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Human Chorionic Gonadotropin Test

Human Chorionic Gonadotropin Test

What is being tested?

Human chorionic gonadotropin (hCG) is a hormone produced by the placenta of a pregnant woman. Early in pregnancy, the level of hCG increases in the blood and is eliminated in the urine. A pregnancy test detects hCG in the blood or urine and confirms or rules out pregnancy.

During the early weeks of pregnancy, hCG is important in maintaining function of the corpus luteum. Production of hCG increases steadily during the first...

What is an hCG urine test?

A human chorionic gonadotropin (hCG) urine test is a pregnancy test. A pregnant woman’s placenta produces hCG, also called the pregnancy hormone. If you’re pregnant, the test can usually detect this hormone in your urine about 10 days after your first missed period. This is when the fertilized egg attaches to the uterine wall.

During the first 8 to 10 weeks of pregnancy, hCG levels normally increase very rapidly. These levels reach their peak at about the 10th week of pregnancy, and then they gradually decline until delivery.

This type of urine test is commonly sold in kits that you can use at home. It’s often is referred to as a home pregnancy test.

Should My HCG Level Be Checked Routinely?

It is not common for doctors to routinely check your hCG levels unless you are showing signs of a potential problem.

A health care provider may recheck your levels if you are bleeding, experiencing severe cramping, or have a history of miscarriage.

How is the Specimen Collected for Human Chorionic Gonadotropin Test?

Following is the specimen collection process for Human Chorionic Gonadotropin Test:

Sample required: Most commonly urine is collected; sometimes, blood may also be used.


  • Urination into a sterile container for collecting urine sample
  • Insertion of a needle into an arm vein for blood sample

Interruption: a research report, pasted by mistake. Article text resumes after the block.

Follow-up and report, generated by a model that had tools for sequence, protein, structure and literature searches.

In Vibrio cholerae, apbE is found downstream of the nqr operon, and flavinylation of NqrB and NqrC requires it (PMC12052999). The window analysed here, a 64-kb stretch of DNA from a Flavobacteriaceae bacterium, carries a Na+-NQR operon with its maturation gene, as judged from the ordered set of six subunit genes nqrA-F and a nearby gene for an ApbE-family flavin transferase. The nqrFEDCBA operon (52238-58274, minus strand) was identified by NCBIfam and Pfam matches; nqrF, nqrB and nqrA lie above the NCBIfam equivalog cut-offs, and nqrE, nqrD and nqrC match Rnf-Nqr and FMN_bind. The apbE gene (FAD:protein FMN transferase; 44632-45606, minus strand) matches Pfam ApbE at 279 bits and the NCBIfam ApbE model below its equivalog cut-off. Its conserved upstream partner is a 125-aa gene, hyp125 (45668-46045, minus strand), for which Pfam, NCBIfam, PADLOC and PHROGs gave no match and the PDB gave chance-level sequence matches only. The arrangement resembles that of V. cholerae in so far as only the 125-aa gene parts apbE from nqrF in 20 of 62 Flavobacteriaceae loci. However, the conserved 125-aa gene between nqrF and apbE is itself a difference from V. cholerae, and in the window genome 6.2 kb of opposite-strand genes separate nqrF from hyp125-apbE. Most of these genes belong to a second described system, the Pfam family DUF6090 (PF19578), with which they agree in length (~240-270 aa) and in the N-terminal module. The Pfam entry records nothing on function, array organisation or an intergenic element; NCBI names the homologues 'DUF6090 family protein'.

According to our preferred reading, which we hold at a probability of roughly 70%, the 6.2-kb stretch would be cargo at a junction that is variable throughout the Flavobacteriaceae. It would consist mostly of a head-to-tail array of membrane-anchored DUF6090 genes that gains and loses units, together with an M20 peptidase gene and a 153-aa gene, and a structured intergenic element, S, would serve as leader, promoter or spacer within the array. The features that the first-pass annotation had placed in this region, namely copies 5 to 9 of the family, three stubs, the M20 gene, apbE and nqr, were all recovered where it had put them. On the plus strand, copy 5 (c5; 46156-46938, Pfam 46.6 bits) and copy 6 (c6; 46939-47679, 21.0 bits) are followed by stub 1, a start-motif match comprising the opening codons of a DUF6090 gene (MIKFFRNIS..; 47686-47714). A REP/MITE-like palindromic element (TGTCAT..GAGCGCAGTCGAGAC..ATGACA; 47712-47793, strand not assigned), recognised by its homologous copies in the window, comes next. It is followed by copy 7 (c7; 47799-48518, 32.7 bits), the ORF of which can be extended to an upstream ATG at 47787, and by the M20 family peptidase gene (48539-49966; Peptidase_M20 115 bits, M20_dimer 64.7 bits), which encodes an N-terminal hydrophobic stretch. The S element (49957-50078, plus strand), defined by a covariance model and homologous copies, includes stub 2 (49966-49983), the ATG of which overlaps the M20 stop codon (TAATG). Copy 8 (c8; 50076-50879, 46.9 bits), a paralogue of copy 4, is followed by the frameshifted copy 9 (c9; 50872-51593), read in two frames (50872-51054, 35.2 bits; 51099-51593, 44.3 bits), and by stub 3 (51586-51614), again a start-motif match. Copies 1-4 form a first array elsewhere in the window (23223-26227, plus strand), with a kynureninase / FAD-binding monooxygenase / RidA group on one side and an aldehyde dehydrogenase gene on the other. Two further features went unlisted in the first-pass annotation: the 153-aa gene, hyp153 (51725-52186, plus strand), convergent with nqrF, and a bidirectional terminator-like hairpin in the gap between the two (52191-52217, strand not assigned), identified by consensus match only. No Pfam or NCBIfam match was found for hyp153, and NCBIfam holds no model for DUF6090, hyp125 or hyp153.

• Preparation required: No special preparation is needed prior to the test.
  • Interpretation

    After delivery, miscarriage, or pregnancy termination, human chorionic gonadotropin (hCG) falls with a half-life of 24 to 36 hours, until prepregnancy levels are reached. An absent or significantly slower decline is seen in patients with retained products of conception.

    Gestational trophoblastic disease (GTD) is associated with very considerable elevations of hCG, usually above 2 multiples of the medians for gestational age persisting or even rising beyond the first trimester.

    Serum hCG levels are elevated in approximately 40% to 50% of patients with nonseminomatous testicular cancer and 20% to 40% of patients with seminoma. Markedly elevated levels of hCG (>5,000 IU/L) are uncommon in patients with pure seminoma and indicate the presence of a mixed testicular cancer.

    Ovarian germ cell tumors (approximately 10% of ovarian tumors) display elevated hCG levels in 20% to 50% of cases. Teratomas in children may overproduce hCG, even when benign, resulting in precocious pseudopuberty. Levels may be elevated to similar levels as seen in testicular cancer.


    False-elevations (called phantom human chorionic gonadotropin: hCG) may occur with patients who have human antianimal or heterophilic antibodies.

    Some specimens may not dilute linearly due to abnormal forms of hCG.

    Elevated hCG concentrations not associated with pregnancy are found in patients with other diseases such as tumors of the germ cells, ovaries, bladder, pancreas, stomach, lungs, and liver. This test is not intended to detect or monitor tumors or gestational trophoblastic disease.

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